Think of your meditation as a tree that you must water every day — not too much and not too little. Trust that one day your nurturing will bring the tree to bear beautiful blossoms and delicious fruit.
Here are several vital tips to help you set the stage for a meditation routine:
✓ Practice regularly. Try to meditate every day. If that isn't possible, meditate at least several times a week.
✓ Cultivate the correct motivation. People meditate for all kinds of reasons: health, wholeness, peace of mind, clarity, spiritual growth, and so on. Be clear in your own mind why you're sitting down to meditate. The best motivation for meditation (and Yoga practice in general) is to live to your full potential and to benefit others by your personal achievements.
In Buddhism, this motivation is known as the bodhisattva ideal. The bodhisattva ("enlightenment being") seeks to realize enlightenment (the ultimate spiritual state) for the benefit of all other beings. As an enlightened being, you can be far more efficient in helping others in their own struggle for wholeness and happiness.
✓ Meditate at a regular time. Take advantage of the fact that your body-mind is a creature of habit. After a few weeks of meditating at the same time during the day or night, you may find yourself looking forward to your next meditation session. Traditionally, Yoga practitioners prefer the hour of sunrise, but this time isn't always practical. (Head to Chapter 18 for more on morning meditation.)
Inevitably, you have moments when meditation is the last thing you want to do. In that case, resolve to sit quietly for at least five minutes. Often, this break is enough to get you in the mood for full-fledged meditation. If not, don't beat yourself over the head; just go on to something else and try again later or the next day.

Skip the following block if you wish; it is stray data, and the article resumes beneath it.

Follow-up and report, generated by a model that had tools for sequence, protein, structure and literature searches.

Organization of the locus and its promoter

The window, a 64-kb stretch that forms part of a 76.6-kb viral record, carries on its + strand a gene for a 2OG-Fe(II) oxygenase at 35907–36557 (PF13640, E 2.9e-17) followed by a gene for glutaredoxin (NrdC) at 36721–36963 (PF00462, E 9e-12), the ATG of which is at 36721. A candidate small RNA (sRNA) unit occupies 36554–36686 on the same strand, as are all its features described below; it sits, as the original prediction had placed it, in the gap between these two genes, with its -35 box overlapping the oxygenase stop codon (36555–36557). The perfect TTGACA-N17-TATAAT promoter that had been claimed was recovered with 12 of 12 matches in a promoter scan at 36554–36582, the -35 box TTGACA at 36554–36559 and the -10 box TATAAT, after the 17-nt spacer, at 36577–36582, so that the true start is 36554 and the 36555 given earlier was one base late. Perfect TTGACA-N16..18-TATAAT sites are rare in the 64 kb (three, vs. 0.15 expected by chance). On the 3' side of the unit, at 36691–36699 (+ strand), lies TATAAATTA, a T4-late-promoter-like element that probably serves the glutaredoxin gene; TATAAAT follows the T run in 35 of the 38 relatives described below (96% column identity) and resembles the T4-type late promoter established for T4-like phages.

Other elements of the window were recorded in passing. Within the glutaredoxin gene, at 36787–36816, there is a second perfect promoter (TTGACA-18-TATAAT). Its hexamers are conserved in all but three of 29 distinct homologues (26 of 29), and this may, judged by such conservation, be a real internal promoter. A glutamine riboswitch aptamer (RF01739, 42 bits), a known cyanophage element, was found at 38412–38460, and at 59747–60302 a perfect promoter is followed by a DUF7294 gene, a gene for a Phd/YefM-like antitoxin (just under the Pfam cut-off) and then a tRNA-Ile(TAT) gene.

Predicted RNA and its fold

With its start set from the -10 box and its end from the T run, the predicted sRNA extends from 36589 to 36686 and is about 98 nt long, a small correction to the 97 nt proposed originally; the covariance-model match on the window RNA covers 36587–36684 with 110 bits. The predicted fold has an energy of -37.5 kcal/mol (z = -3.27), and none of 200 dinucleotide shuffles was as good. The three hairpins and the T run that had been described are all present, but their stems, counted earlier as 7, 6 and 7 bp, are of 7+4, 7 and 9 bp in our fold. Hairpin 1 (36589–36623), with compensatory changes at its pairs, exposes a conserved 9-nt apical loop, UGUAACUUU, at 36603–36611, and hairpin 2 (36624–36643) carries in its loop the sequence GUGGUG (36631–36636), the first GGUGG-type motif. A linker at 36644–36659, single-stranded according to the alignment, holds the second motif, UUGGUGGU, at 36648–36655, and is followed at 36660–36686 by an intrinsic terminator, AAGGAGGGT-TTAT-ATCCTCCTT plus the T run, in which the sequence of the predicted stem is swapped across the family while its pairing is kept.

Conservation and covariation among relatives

✓ Meditate in the same place. Choose the same place for the same reason you use the same time: Your body-mind enjoys what is familiar. Use this fact to your advantage by setting aside a room or a corner of a room that your mind can associate with meditation.
✓ Select an appropriate posture for meditation and do it correctly. Sit up straight, with your chest open, and your neck free (see the following section for instructions about posture). To avoid falling asleep, don't recline while meditating and don't meditate on your bed, even in a sitting position, because your mind is likely to associate the experience with sleep. If you're not used to sitting on the floor, try sitting on a straight-backed chair or on a sofa with a cushion behind your back. If you can comfortably sit on the floor, you have a variety of yogic postures to choose from, several of which appear in Chapter 7.
✓ Select a meditation technique and stick with it. In the beginning, you may want to try out various techniques to see which appeals to you the most. But after you find a good technique for your particular needs, don't abandon it until it bears fruit (in terms of increased peace of mind and happiness), a meditation teacher advises you to change to a different technique, or you feel really drawn to a different technique.
When you have your routine sorted out, keep the following suggestions in mind as you grow your meditation tree:
✓ Begin with short sessions. Meditate only 10 to 20 minutes at a time at first. If your meditation naturally lasts longer, simply rejoice in the fact. But never force yourself if the timing creates conflict or unhappiness in you. Also, beware of overmeditating. Often, what beginners regard as a nice long meditation is just self-indulgent daydreaming. Make sure that your meditation contains an element of alertness. When you start drifting off into a comfortable space, you can be sure that you're no longer meditating. Like the practice of the Yoga postures, your meditation must have an edge (that is, you must push against the limitations of your mind but without frustrating yourself).